There may be several reasons why ST technology improves fetal outcome (Table 2). First, experimental studies on pathophysiology have shown a clear relationship between changes in the ST segment and fetal stress and distress. Secondly, increasing medico-legal issues related to intrapartum FHR monitoring and discussions on how to lower cesarean delivery rates have stimulated a renewed interest in fetal monitoring and in new assessment techniques. This may well result in better interpretation of monitoring results and in more appropriate actions. In this respect it is interesting to note that outcome in the control arm of the largest (Dutch) RCT was much better than predicted, i.e. an incidence of severe metabolic acidemia 1.2% as compared with a predicted percentage of 3.5% [10], which was based on earlier local data. The strict guidelines, training and systematic FHR classification that come with the ST technology may further improve fetal assessment. Last but not least, the STAN provides the doctor with alerts in case of ST changes. This forces the caregiver to assess the clinical situation and to decide on whether to act. From earlier studies on intrapartum medico-legal issues it has become clear that doctors tend to wait in making decisions despite the presence of abnormal heart rate patterns [24, 25]. Moreover, inter-observer variation and the decision to act or otherwise are much lower in case of STAN alerts compared with classification and interpretation of FHR patterns alone [26]. The progressive improvements in outcome reported by centers using ST-technology are most likely the result of a combination of all these factors.

Table 2. ST-analysis of the intrapartum fetal electrocardiogram; why would it work.
● Scientific (experimental) evidence has shown a relationship between ST changes and medico-legal issues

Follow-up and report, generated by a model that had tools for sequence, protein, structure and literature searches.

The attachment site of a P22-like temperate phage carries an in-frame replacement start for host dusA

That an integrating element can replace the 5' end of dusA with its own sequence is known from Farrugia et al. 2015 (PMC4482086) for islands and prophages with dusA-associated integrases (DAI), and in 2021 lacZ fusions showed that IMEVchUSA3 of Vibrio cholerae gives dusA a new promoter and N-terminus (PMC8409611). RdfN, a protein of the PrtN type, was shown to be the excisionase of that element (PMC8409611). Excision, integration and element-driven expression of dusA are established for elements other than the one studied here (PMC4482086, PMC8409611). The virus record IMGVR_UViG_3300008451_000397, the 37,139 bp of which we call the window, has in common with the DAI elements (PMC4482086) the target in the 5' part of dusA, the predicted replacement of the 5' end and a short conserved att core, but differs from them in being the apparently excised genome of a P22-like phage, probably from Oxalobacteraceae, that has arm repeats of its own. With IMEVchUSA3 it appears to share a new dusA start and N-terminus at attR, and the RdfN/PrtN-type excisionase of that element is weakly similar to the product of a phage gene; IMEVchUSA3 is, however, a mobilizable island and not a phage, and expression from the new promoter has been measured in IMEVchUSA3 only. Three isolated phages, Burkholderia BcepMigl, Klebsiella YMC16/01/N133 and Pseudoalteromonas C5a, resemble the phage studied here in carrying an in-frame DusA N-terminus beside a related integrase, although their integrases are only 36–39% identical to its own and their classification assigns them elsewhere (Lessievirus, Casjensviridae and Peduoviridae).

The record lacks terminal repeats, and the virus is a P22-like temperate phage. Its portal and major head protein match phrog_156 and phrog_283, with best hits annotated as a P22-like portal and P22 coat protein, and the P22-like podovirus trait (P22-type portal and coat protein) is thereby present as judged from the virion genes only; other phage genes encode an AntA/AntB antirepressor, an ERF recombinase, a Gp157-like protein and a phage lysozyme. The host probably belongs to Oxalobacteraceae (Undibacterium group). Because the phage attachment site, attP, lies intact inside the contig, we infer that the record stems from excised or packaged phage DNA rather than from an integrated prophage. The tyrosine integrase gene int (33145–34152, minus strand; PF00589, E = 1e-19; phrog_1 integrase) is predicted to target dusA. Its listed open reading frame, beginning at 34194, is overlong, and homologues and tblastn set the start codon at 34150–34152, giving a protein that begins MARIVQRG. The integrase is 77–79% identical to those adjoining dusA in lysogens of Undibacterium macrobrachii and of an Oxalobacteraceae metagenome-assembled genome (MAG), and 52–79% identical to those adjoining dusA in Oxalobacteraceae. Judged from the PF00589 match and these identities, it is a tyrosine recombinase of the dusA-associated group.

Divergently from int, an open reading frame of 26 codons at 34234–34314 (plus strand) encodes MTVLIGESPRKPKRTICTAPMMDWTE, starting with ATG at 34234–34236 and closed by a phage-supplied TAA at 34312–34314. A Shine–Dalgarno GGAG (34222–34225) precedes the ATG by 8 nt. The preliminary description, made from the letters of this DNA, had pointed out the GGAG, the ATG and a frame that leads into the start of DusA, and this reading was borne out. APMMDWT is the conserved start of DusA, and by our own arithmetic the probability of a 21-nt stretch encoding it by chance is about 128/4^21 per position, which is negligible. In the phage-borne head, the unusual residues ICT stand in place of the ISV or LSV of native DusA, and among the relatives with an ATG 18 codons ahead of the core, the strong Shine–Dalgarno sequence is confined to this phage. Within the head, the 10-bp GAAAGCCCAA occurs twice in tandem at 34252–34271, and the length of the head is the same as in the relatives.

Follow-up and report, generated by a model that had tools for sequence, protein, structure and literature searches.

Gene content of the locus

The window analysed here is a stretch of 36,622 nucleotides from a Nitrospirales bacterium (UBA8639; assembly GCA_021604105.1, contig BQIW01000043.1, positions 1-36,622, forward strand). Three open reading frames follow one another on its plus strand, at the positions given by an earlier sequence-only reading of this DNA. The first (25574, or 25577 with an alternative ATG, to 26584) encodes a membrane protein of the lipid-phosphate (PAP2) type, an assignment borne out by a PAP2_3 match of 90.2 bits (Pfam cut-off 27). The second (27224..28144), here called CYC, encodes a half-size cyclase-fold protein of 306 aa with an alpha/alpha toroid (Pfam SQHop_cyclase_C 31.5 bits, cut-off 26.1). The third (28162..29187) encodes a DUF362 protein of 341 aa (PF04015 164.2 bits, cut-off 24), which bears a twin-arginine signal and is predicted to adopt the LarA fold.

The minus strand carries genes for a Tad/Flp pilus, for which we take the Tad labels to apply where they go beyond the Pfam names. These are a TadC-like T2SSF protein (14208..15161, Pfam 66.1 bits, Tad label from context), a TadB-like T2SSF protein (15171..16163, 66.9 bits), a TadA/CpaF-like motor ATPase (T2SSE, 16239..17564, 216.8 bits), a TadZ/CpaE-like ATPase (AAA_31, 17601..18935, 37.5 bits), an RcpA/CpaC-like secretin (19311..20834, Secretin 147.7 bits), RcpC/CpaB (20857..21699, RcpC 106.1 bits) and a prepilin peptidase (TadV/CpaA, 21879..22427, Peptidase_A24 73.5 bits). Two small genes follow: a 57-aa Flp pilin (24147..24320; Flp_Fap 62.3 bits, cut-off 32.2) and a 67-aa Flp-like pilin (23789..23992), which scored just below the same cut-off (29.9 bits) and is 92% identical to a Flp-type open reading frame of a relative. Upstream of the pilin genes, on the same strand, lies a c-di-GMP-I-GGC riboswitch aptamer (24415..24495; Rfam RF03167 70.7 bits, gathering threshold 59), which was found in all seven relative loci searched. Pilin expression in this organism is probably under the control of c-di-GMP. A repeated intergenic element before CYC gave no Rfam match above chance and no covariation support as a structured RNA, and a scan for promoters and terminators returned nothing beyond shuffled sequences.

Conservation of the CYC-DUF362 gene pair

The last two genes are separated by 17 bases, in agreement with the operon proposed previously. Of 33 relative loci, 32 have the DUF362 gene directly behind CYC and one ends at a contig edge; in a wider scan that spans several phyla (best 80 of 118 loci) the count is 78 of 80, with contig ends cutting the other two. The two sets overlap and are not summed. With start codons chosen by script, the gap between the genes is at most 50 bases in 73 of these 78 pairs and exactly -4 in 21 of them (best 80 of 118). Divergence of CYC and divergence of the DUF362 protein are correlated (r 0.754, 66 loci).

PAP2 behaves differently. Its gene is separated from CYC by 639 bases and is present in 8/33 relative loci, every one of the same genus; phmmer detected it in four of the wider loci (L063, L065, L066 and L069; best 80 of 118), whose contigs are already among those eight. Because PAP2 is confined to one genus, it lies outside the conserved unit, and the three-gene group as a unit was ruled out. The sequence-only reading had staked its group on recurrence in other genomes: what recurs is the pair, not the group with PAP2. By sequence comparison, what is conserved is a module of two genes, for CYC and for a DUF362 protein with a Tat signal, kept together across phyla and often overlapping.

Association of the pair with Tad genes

● Increasing cesarean delivery rates stimulate the doctor to look for new monitoring techniques
● New assessment techniques result in more attention and better assessment of fetal heart rate patterns
● Strict guidelines, training and systematic fetal heart rate classification come with ST technology
● (Significant) ST events (alerts) force the doctor to act
Weak points
● Subjective visual interpretation of fetal heart rate patterns
● The human factor

There remain some weaknesses in fetal monitoring using STAN. The most important one is the subjective visual classification of FHR patterns, with its large inter-individual variation, which has to be done to evaluate the significance of ST-changes. The second weakness remains the human factor. In a discussion on 11 “false-negative” STAN cases it appeared that it was not so much the technology that failed but rather the doctor who did not act despite the presence very abnormal FHR patterns or significant ST events [27]. Finally, criteria for significant ST-alerts may, with increasing experience, be modified.

In conclusion, RCTs on the introduction of ST-technology in the labor ward have shown a moderate improvement in outcome with a reduction of interventions. With continued use and introduction of strict training programs, outcome may well continue to improve. It is time to introduce this technique in the labor ward.

References

  1. Top of page
  2. Abstract
  3. Introduction
  4. Outcome of RCTs
  5. Improved outcome following the introduction of ST technology
  6. Discussion
  7. References